make gains on both Internet Explorer and Firefox and we have to figure that it is partly a result of the types of features we're seeing frequently added to Google's entry into the browser market.Chrome continues to
Today's beta release boasts more than just speed increases, included a number of nifty features.
According to Google, Chrome has improved benchmarks by 30% and 35% using the V8 and SunSpider benchmarks since the last beta release, and 213% and 305% since the initial beta release in September 2008.
Beyond speed, which has always been a focal point of Chrome, the browser has added several features, which helps it compete with the more feature-rich but often bulkier and slower Firefox. Chrome recently added bookmark synchronization and today it adds browser preference synchronization. Browser preference synchronization brings themes, homepage and startups settings, web content settings and language settings, storing all of this in your Google account. And if you're not able to use Chrome where you are, you can access your bookmarks from within Google Docs.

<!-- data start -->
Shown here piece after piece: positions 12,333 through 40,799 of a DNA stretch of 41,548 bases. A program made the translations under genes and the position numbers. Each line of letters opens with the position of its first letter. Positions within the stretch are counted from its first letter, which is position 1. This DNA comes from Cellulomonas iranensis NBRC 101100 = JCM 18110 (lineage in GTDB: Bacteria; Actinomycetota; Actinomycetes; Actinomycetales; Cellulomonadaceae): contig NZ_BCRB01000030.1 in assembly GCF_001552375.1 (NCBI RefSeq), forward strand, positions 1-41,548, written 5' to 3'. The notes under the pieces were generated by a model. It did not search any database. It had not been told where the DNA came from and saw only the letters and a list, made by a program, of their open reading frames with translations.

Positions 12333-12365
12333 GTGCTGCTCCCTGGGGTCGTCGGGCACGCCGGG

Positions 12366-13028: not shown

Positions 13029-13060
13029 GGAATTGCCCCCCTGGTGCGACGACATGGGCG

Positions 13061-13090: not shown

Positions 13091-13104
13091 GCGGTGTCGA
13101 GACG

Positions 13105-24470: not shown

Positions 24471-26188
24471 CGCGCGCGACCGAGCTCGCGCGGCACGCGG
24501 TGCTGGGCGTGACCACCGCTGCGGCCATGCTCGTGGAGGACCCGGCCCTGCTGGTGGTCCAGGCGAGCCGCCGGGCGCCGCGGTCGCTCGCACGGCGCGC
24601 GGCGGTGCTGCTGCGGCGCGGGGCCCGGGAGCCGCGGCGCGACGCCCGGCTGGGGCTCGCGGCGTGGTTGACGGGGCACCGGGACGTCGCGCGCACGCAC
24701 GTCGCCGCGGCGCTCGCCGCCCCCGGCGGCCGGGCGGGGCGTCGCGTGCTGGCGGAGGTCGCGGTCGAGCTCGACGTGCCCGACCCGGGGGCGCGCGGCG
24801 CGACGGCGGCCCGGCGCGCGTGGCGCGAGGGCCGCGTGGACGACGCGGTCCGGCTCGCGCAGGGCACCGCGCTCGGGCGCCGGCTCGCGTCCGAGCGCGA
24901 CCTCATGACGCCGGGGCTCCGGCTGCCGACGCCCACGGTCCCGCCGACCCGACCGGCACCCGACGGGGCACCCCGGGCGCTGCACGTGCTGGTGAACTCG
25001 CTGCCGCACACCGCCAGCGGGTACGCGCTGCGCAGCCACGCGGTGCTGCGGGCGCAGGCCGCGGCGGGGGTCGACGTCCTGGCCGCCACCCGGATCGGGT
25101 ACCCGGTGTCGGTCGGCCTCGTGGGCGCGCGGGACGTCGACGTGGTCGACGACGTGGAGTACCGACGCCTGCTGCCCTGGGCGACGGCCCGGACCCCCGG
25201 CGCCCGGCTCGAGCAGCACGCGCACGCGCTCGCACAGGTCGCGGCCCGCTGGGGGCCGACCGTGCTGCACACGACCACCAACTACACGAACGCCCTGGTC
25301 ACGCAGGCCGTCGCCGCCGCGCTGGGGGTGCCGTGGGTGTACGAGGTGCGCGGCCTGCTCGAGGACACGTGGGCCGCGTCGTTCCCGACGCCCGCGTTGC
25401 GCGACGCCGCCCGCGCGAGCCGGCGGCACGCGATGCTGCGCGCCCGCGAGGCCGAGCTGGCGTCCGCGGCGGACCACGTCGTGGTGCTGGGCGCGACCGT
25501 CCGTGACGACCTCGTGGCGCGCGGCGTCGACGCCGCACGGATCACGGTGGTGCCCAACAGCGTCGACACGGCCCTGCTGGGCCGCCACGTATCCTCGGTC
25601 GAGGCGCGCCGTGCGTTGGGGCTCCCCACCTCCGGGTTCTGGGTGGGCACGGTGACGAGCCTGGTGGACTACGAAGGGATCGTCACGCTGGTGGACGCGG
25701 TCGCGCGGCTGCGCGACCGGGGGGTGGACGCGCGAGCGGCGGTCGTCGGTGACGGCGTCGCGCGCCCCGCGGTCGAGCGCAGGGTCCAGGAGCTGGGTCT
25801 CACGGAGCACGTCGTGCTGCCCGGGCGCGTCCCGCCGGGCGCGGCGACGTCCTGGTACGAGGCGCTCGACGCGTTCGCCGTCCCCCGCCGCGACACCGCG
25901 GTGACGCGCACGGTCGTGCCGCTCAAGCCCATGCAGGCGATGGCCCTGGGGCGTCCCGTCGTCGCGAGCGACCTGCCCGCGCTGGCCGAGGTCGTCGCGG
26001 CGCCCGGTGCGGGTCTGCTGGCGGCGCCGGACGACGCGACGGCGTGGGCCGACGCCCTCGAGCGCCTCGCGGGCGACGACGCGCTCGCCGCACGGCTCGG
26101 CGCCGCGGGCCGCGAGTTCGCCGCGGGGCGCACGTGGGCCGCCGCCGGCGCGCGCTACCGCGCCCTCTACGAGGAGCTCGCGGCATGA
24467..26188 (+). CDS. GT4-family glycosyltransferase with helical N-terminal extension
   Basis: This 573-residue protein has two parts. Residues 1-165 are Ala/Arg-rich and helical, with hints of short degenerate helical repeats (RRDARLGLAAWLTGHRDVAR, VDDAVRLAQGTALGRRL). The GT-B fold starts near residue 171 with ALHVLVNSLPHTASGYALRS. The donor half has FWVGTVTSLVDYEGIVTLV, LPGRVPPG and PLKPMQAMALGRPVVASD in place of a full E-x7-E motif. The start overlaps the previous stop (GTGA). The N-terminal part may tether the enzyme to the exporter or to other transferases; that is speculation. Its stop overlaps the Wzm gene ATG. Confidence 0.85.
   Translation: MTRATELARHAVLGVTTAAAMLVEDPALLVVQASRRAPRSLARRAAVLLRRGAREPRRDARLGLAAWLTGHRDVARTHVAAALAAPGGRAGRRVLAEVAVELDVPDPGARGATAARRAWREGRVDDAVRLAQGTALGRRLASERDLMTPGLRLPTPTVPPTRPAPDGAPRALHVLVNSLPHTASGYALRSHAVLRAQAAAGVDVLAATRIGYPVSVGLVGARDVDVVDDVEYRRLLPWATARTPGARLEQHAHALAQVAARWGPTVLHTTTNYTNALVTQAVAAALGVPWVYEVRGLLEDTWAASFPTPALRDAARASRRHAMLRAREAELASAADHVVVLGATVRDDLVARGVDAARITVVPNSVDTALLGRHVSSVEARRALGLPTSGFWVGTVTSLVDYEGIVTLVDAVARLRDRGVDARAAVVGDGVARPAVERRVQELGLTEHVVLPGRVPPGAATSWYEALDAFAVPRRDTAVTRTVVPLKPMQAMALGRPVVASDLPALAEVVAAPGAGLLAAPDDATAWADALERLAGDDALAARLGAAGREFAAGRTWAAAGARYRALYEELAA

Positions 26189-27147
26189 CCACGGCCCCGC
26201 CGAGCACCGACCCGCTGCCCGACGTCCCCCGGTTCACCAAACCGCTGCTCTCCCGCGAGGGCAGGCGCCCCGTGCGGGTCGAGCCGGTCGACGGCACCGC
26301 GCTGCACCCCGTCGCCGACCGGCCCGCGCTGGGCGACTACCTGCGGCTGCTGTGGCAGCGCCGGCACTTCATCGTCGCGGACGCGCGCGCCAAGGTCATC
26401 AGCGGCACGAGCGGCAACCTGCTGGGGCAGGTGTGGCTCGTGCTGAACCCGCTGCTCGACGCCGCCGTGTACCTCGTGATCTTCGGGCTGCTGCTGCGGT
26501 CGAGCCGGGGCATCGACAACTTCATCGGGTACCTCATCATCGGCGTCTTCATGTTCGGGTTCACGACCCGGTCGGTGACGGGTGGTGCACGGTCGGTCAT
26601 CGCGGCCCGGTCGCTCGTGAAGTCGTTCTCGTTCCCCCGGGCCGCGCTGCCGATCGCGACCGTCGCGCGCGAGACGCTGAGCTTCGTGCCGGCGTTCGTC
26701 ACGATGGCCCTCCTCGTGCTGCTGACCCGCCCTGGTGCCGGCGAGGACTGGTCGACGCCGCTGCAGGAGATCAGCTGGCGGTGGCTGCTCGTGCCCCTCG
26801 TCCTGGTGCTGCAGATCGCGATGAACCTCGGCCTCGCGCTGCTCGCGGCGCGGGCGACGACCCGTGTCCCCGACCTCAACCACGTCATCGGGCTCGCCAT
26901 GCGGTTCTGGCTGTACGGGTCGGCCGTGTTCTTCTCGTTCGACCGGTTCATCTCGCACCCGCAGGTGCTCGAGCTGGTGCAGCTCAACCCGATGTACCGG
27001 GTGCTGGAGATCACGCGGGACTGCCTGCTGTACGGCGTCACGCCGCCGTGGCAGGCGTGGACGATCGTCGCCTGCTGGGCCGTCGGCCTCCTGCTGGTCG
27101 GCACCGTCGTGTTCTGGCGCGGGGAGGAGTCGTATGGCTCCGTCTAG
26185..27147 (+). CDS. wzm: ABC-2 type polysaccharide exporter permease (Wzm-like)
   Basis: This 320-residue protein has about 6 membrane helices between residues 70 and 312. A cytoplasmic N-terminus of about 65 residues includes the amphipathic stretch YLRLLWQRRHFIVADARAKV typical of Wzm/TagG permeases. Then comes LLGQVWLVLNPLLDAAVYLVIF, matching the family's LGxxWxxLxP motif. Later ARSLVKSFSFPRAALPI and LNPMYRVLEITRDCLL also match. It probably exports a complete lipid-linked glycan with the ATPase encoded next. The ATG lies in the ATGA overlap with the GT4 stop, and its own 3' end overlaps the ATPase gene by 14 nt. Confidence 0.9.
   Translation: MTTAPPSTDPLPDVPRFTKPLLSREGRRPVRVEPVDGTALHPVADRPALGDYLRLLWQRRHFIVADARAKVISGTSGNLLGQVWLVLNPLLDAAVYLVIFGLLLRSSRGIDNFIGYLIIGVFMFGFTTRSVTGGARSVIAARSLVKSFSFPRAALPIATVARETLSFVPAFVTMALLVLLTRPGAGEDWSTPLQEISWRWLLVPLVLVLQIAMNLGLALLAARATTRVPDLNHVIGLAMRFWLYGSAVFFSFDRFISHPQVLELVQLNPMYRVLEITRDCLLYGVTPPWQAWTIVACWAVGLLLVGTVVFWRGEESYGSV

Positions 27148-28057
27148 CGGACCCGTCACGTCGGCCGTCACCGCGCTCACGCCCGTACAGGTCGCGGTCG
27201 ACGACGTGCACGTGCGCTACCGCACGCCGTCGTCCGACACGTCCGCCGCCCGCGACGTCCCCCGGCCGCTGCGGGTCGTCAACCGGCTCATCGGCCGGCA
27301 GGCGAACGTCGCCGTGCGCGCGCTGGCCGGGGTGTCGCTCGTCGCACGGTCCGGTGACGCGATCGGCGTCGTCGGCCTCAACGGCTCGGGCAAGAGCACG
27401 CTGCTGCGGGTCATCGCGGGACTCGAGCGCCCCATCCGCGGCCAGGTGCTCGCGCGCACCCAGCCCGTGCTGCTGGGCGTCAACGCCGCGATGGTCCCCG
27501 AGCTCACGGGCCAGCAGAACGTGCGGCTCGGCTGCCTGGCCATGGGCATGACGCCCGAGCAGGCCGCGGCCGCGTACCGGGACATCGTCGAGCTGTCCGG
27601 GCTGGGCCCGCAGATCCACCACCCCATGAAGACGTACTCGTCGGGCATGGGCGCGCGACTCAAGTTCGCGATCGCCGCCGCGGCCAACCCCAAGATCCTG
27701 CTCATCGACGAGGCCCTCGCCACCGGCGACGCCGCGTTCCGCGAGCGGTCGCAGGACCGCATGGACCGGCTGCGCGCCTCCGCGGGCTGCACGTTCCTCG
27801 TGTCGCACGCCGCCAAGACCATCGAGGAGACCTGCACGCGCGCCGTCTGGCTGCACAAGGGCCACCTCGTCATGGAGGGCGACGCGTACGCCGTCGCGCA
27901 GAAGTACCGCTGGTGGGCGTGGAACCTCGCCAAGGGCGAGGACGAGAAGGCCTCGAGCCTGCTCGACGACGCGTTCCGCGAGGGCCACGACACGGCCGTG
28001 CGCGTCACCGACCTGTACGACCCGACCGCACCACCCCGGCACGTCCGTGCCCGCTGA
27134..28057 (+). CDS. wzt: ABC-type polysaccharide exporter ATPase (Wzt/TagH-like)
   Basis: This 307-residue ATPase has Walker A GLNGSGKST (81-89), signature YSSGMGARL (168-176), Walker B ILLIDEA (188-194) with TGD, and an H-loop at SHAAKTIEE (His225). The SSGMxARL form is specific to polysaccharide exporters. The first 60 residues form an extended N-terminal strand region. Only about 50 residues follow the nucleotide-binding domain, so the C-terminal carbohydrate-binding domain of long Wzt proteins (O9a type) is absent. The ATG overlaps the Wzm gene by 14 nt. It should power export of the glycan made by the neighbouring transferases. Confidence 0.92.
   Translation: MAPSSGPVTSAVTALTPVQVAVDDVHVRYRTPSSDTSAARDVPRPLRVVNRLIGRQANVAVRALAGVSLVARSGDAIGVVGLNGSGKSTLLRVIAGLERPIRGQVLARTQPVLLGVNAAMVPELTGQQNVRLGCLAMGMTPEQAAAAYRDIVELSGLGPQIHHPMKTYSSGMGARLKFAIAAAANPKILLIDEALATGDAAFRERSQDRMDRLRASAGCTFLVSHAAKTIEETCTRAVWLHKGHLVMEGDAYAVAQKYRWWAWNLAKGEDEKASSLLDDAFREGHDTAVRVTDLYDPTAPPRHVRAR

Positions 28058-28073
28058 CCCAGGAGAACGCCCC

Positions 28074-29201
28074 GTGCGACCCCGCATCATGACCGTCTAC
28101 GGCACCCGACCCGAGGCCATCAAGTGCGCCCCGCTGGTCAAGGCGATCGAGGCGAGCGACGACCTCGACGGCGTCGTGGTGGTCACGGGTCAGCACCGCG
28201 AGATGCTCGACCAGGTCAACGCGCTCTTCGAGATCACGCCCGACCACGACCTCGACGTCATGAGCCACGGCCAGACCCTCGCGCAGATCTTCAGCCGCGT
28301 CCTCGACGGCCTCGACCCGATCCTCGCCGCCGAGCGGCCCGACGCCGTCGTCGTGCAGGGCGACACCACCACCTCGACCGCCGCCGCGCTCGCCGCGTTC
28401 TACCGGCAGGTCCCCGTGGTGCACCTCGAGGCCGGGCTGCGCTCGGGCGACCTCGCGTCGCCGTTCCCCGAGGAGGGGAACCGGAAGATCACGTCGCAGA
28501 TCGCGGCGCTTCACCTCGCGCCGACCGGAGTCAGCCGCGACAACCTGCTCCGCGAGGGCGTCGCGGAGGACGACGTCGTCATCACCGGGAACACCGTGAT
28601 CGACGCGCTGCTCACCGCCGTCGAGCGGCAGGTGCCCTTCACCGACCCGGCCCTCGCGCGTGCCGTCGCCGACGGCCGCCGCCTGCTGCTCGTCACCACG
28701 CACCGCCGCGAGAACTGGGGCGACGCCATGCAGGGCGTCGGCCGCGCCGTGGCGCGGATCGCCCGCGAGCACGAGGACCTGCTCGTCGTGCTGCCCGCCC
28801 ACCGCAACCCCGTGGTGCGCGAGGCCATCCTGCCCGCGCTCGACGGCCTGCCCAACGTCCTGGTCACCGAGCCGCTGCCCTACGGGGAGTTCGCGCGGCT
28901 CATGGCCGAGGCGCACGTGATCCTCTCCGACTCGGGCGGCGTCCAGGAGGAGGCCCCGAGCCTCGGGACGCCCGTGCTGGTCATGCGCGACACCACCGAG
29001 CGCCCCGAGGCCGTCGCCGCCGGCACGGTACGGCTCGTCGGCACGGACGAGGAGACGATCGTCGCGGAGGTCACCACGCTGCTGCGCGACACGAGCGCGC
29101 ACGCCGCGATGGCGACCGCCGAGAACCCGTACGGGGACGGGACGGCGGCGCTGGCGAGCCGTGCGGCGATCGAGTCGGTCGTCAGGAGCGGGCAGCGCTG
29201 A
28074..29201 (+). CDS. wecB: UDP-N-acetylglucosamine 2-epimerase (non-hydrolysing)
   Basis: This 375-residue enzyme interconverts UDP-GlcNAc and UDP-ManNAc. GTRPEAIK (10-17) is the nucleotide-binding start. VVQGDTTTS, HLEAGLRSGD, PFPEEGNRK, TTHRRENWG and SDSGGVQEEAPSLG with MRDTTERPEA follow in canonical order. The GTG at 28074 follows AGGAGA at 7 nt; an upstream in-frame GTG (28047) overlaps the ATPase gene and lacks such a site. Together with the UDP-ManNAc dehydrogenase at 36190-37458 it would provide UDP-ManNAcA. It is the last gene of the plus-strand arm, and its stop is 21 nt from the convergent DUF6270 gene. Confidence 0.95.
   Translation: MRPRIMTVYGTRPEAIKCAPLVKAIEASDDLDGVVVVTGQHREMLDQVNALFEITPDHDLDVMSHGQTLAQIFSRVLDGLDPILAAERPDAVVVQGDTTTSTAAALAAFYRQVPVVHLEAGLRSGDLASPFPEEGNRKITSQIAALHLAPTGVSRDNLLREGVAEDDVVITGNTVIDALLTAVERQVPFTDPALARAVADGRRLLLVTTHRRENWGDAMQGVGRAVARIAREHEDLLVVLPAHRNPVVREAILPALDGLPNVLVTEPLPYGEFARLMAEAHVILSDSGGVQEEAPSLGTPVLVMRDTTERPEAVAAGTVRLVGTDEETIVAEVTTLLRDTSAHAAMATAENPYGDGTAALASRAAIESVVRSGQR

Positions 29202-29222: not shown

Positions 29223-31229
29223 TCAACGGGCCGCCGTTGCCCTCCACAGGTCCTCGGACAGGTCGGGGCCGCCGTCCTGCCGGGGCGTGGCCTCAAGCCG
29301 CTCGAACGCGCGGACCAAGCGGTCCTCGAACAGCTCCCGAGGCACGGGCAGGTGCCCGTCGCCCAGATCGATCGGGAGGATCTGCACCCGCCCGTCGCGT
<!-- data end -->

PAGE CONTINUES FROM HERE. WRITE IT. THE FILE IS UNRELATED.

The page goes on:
Chrome will also allow you to install and use Chrome extensions while browsing the Web in incognito mode, a feature that was apparently highly requested according to the blog. This means that any of those Greasemonkey extensions or whatever else you might have don't need to sit unused if you feel like keeping your browsing private.
In addition to these features, the new beta release includes a number of new HTML5 features, as well as native Flash support. Chrome is the first browser to offer and out-of-the-box integration for Adobe Flash and brings an auto-update mechanism to the table.
As Avast CEO Vincent Steckler told us last January when we spoke with him about browser security, one of the biggest issues is users not updating software like browsers and flash, so this auto-update feature should do a bit to keep its users secure.